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Physical self-description and sport participation, by gender, of university students

Campos, F. ; MARQUES, M. ; SILVA, S. ; Martins, F. ; SIMÕES, V. ; FRANCO, S.

Journal of Physical Education and Sport Vol. 17, Nº 1, pp. 207 - 2011, April, 2017.

ISSN (print): 1582-8131
ISSN (online): 2066-2483

Journal Impact Factor: (in )

Digital Object Identifier: 10.7752/jpes.2017.01031

Abstract
University students, who are regular sport participants, showed a superior and more positively physical selfdescription
in body fat, general physical self-concept and self-esteem perception (Silva, Vicente, Amaro, &
Campos, 2016). In another study with university students, in order to investigate what they think about their own
physical appearance (Silva, Saenger, & Pereira, 2011), it was concluded that 63% of male and 67% of female
students presents dissatisfaction, although for contradictory reasons (female students were dissatisfied due to
overweight; male students were dissatisfied due to the thinness index).
Considering this, based on the presented studies, the aim of this research is to characterize and compare sport
participants by gender - students of the Cuenca Campus of the Universidad Castilla La Mancha (Spain) -
according 4 (four) dimensions of their physical self-description: (1) body fat; (2) general physical self-concept;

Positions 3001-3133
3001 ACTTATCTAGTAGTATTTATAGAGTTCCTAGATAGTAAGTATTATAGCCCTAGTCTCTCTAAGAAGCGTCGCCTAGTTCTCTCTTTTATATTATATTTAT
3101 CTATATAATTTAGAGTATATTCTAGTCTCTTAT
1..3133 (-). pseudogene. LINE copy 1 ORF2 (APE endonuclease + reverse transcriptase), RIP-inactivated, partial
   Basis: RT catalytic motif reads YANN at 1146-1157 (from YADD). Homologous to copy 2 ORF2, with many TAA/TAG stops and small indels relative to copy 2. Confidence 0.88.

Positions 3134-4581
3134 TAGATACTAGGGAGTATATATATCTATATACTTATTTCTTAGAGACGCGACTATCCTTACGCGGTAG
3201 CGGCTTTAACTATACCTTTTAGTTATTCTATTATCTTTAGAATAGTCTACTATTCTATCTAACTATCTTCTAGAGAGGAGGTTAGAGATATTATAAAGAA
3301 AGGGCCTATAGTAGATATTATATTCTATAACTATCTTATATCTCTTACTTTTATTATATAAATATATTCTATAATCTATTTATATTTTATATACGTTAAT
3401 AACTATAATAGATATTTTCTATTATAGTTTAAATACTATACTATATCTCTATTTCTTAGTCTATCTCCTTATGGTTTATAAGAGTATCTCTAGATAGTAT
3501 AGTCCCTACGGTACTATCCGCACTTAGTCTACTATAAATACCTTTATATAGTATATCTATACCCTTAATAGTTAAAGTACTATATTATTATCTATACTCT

(3) self-esteem; (4) physical appearance. It was applied a reduced version of the Physical Self-Description
Questionnaire (PSDQ), translated to Spanish (Tomás, 1998). The data were collected from 175 university
students (22,00±3,41 years old), regular sport participants (at least once per week): 86 females (21,15±1,99 years
old) and 89 males (22,82±4,18 years old). After the application of the ANOVA one-way test is possible to
confirm, comparing the male with the female sport participants, that there are no statistical significant
differences in the dimensions: body fat (F=0,001; p=0,973); self-esteem (F=0,186; p=0,667); physical
appearance (F=0,748; p=0,388). In contrast, there are statistical significant differences in general physical selfconcept
dimension (F=4,269; p=0,040), having the male participants a higher mean of answer values (M=4,643).

Key Words: Gender; Physical Self-Description; Sport